UK race circuit ideal for working on chassis dynamics and high-speed handling development, UK luxury car maker says
Aston Martin moves to Silverstone testing facility
British luxury car firm Aston Martin Lagonda's (AML) Vehicle Dynamics team has been handed the keys to its new home at Silverstone – known as "the home of British Motor Racing".
Based alongside Silverstone’s Stowe Circuit, Aston Martin Silverstone will provide a permanent base for the firm's test and development programmes when it becomes fully operational next month, the company said on Wednesday.
This month Aston Martin floated on the London Stock Exchange although the shares slipped 4.7 by the end of the first day. That did not unnerve the chief executive Andy Palmer, however, who looked more to the future.
“We’ve taken 105 years to get to an IPO, we are not going to worry much on what the initial shares are doing,” Mr Palmer told Bloomberg TV at the time. “We will always look over the longer term.”
With Aston Martin launching a completely new car every year plus multiple special editions, the Vehicle Dynamics experts have a busy programme of prototype vehicle testing. Silverstone’s choice of world-class circuits and dynamic handling areas are ideal for working on chassis dynamics and high-speed handling development, the company said.
“The new base at Silverstone will provide us with a reference circuit upon which to develop the next generation of Aston Martins," said Matt Becker, the car maker's chief engineer for vehicle engineering. "Silverstone is a fantastic place for us to practice the dark art of vehicle dynamics, the fine tuning that takes place to turn a good car into a great car. Our talented team of engineers and our high performance test drivers now have a racing circuit right outside the door.”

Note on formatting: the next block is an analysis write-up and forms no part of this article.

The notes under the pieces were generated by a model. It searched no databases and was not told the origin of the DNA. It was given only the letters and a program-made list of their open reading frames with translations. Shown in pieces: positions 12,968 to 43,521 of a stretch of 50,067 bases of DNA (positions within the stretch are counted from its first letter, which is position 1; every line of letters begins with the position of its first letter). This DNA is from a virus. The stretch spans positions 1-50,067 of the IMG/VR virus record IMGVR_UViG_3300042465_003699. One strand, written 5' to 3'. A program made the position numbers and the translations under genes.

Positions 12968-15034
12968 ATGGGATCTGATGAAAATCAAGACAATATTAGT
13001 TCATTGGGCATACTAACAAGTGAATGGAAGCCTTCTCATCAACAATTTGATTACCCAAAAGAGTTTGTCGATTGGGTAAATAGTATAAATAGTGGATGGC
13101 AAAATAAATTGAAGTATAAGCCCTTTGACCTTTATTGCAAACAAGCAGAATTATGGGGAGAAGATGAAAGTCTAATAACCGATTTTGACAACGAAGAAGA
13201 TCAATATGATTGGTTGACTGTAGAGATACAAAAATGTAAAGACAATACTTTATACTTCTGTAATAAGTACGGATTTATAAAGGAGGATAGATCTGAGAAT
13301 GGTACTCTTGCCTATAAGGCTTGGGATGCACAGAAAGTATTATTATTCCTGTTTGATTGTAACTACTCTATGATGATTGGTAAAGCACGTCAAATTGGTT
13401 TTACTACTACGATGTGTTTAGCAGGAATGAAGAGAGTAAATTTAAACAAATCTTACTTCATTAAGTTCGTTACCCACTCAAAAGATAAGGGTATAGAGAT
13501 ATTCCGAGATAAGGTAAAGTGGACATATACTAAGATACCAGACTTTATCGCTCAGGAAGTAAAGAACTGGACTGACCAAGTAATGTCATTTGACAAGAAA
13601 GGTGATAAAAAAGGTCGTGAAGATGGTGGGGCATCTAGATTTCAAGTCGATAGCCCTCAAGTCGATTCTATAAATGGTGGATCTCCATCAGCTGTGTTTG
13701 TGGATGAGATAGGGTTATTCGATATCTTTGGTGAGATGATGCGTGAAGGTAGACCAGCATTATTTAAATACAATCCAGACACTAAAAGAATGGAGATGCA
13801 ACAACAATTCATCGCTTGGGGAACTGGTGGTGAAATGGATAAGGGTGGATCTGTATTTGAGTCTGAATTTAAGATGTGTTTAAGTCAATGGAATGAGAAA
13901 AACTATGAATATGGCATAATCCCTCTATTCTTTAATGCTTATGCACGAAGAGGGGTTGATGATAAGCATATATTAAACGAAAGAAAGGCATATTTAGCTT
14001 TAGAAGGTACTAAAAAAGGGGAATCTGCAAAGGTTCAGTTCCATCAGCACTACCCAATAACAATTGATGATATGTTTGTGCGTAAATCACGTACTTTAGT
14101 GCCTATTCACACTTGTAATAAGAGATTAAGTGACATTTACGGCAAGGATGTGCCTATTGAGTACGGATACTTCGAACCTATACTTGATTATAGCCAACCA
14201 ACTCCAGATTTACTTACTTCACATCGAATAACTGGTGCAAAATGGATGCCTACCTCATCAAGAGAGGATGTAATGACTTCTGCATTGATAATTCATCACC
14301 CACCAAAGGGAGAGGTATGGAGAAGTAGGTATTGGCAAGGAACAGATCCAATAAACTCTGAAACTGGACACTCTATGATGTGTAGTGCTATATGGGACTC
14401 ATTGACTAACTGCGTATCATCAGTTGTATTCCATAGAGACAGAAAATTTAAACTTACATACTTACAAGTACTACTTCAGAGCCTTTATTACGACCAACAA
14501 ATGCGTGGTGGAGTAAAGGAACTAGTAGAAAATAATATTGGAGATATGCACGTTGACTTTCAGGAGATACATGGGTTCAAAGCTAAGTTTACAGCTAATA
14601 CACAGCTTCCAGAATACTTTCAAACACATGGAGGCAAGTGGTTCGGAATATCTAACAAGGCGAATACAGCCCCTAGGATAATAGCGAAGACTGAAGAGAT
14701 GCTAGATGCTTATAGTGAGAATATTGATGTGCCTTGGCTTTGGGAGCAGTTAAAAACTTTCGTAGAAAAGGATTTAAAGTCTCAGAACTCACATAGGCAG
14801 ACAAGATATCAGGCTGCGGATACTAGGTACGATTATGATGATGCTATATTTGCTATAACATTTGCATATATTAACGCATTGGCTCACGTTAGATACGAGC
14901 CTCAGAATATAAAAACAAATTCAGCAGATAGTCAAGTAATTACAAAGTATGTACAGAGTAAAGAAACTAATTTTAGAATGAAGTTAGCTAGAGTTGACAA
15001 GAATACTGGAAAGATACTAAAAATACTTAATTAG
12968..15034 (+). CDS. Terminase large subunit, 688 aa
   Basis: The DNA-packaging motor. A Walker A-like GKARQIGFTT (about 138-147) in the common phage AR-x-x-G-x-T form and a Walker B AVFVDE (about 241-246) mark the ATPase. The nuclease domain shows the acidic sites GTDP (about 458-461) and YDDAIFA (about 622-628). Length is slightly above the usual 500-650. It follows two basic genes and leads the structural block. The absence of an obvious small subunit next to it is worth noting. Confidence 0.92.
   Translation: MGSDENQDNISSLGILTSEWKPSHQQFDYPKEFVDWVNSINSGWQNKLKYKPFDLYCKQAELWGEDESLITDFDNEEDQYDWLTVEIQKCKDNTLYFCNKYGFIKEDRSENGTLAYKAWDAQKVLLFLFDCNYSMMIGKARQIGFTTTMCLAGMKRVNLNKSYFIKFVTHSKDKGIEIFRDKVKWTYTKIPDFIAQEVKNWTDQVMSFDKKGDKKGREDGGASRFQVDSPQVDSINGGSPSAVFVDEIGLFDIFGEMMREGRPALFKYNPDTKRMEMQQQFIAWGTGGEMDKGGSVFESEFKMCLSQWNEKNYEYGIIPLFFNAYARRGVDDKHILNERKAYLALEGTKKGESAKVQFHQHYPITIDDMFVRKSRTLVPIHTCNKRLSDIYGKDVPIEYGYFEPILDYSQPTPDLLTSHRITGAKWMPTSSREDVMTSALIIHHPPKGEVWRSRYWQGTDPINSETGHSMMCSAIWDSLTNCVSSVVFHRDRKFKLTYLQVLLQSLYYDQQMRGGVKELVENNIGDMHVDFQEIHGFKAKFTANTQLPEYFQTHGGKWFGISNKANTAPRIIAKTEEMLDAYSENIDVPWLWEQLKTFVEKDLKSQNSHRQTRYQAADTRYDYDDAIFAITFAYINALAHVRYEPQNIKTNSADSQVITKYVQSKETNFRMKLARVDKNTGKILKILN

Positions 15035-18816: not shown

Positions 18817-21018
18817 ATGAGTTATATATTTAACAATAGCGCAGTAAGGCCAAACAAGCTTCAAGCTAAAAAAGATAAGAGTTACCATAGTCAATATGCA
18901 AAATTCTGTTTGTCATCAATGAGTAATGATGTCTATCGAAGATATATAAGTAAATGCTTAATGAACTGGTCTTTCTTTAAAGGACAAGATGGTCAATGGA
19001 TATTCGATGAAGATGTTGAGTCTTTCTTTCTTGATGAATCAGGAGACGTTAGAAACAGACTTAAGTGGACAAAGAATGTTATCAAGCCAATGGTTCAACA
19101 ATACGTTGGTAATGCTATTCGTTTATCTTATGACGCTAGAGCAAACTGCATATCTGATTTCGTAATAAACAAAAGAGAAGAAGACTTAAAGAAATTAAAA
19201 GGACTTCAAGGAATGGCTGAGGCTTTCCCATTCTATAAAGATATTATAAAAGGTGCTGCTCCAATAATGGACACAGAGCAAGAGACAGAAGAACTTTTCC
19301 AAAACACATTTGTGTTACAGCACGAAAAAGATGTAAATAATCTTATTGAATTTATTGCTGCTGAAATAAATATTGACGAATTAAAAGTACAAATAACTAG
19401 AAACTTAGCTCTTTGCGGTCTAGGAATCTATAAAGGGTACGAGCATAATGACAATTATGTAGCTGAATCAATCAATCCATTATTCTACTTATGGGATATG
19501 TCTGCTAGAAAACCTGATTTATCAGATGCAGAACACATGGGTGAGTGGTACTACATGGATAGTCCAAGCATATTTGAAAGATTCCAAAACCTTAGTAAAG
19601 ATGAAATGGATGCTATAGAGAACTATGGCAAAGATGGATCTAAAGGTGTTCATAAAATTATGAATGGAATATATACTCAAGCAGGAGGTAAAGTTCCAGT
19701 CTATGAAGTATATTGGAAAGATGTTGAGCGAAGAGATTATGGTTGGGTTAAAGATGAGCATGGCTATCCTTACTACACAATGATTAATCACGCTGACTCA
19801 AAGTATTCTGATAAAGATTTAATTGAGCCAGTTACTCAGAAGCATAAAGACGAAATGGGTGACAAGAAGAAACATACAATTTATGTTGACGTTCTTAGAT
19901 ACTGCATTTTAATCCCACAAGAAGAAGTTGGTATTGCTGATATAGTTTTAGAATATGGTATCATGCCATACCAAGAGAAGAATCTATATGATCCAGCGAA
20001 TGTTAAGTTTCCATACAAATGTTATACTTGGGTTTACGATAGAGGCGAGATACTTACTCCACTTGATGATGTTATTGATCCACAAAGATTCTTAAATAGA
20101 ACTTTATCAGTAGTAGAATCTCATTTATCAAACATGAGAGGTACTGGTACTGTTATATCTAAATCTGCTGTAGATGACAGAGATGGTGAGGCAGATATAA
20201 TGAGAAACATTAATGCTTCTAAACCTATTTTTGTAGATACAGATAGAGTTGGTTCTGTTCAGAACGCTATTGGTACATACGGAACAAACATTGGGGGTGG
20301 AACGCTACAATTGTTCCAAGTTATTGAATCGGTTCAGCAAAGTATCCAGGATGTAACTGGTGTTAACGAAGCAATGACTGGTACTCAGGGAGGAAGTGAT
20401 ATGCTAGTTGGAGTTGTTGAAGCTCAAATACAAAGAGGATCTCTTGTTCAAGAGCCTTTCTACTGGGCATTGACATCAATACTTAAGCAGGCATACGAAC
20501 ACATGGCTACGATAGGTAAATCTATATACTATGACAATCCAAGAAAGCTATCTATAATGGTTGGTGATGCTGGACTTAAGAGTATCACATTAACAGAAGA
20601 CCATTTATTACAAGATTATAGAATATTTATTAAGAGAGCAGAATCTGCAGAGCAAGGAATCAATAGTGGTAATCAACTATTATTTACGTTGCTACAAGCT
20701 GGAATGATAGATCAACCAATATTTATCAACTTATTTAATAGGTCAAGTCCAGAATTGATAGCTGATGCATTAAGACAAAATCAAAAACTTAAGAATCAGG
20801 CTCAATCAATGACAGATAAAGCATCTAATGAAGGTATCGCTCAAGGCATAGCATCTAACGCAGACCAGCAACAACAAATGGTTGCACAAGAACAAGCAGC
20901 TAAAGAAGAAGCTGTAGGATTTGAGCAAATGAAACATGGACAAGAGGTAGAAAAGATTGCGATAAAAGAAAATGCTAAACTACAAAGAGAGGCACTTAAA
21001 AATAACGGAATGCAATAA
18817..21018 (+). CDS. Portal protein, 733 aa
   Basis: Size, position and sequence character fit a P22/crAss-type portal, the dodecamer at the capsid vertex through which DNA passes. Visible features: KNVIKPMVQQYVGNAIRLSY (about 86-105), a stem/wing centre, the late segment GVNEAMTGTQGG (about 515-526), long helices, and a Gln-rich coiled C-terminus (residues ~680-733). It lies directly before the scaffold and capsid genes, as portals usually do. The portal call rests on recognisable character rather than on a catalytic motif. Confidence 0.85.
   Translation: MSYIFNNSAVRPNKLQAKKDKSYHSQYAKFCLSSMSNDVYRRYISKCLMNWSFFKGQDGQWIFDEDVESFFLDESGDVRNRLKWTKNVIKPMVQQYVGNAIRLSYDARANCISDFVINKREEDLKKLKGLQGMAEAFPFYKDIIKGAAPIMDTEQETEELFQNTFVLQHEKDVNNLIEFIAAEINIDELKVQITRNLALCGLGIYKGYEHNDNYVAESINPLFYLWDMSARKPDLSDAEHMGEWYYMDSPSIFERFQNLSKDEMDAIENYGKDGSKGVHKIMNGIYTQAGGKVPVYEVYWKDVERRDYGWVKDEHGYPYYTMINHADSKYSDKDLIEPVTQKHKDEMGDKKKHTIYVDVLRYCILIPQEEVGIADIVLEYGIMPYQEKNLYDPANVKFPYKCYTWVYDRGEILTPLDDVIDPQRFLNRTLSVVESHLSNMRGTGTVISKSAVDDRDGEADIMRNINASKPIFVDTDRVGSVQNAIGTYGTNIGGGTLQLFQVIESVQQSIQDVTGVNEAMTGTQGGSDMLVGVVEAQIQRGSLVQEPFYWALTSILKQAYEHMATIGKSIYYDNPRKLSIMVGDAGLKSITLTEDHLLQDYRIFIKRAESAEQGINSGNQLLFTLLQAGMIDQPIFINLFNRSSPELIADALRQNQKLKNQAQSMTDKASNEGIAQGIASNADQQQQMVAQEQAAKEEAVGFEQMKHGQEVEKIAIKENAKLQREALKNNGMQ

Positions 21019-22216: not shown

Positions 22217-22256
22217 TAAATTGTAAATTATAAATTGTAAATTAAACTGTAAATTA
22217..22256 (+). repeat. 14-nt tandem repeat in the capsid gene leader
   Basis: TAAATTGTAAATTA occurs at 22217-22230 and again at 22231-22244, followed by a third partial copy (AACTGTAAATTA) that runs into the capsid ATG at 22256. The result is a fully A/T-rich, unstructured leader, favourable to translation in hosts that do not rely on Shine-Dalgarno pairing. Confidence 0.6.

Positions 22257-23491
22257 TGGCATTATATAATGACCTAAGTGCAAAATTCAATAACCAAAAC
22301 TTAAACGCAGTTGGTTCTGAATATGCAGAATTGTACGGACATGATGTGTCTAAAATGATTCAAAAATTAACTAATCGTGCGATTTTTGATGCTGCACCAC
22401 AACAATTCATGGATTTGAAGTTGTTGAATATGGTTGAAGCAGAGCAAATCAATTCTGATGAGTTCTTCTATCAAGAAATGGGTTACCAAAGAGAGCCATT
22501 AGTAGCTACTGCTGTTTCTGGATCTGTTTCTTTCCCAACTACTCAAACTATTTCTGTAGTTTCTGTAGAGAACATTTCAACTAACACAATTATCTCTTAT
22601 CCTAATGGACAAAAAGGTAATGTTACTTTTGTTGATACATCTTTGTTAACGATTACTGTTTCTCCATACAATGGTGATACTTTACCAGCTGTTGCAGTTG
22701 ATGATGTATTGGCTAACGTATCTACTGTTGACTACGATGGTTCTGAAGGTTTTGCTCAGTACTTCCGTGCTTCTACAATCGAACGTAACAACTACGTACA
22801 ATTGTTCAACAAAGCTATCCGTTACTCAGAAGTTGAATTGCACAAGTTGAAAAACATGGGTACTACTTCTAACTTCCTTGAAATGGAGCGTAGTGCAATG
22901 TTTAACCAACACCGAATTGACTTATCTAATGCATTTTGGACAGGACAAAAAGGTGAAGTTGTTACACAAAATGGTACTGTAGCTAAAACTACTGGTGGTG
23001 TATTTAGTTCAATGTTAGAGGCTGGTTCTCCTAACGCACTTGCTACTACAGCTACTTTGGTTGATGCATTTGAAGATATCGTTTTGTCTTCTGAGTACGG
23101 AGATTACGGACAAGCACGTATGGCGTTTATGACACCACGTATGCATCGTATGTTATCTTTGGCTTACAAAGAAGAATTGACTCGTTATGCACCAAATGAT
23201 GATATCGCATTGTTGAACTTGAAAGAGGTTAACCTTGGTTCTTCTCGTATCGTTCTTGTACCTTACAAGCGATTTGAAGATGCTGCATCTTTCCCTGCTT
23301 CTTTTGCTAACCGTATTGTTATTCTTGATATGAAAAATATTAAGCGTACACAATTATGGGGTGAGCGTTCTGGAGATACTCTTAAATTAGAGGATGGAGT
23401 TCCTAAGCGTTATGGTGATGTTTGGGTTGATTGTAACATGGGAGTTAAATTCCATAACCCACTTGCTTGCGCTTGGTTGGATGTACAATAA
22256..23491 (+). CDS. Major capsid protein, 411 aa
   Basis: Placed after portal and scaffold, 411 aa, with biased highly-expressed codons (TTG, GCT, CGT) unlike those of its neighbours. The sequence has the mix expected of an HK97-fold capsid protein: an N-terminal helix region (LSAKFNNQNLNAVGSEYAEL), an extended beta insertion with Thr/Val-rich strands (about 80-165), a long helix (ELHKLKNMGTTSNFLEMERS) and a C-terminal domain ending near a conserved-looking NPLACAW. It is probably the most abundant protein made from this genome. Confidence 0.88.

Once the refit is complete, Aston Martin Silverstone will boast a state-of-the-art workshop with dedicated technicians on-site to support all activities.
Silverstone’s Stowe circuit will be used to develop future Aston Martins including the Rapide E, the marque's first 4x4, future mid-engined sports cars and Lagondas to name but a few.
Silverstone already offers an Aston Martin driving experience where punters can try an Aston flat-out.
“As our cars become even more high performance our dependency on track development becomes greater, said Ian Hartley, Aston Martin’s senior manager for vehicle engineering. "Having the Stowe circuit and regular access to the remaining Silverstone circuits will be a great development advantage. It will allow us to refine the ride and steering attributes on the road and then very quickly evaluate the handling characteristics before making changes with the tuneables.”
Currently the team carries out ride-tuning work in the UK and then travels to circuits across Europe to evaluate the high-speed ride, handling and steering. Most of Aston Martin’s stability control (ESP) development is done on a test track in Europe so the new UK base will be a real advantage, the firm said.
Silverstone will also be used for performance benchmarking, durability testing and will be the home of Powertrain Systems Development, Aston added.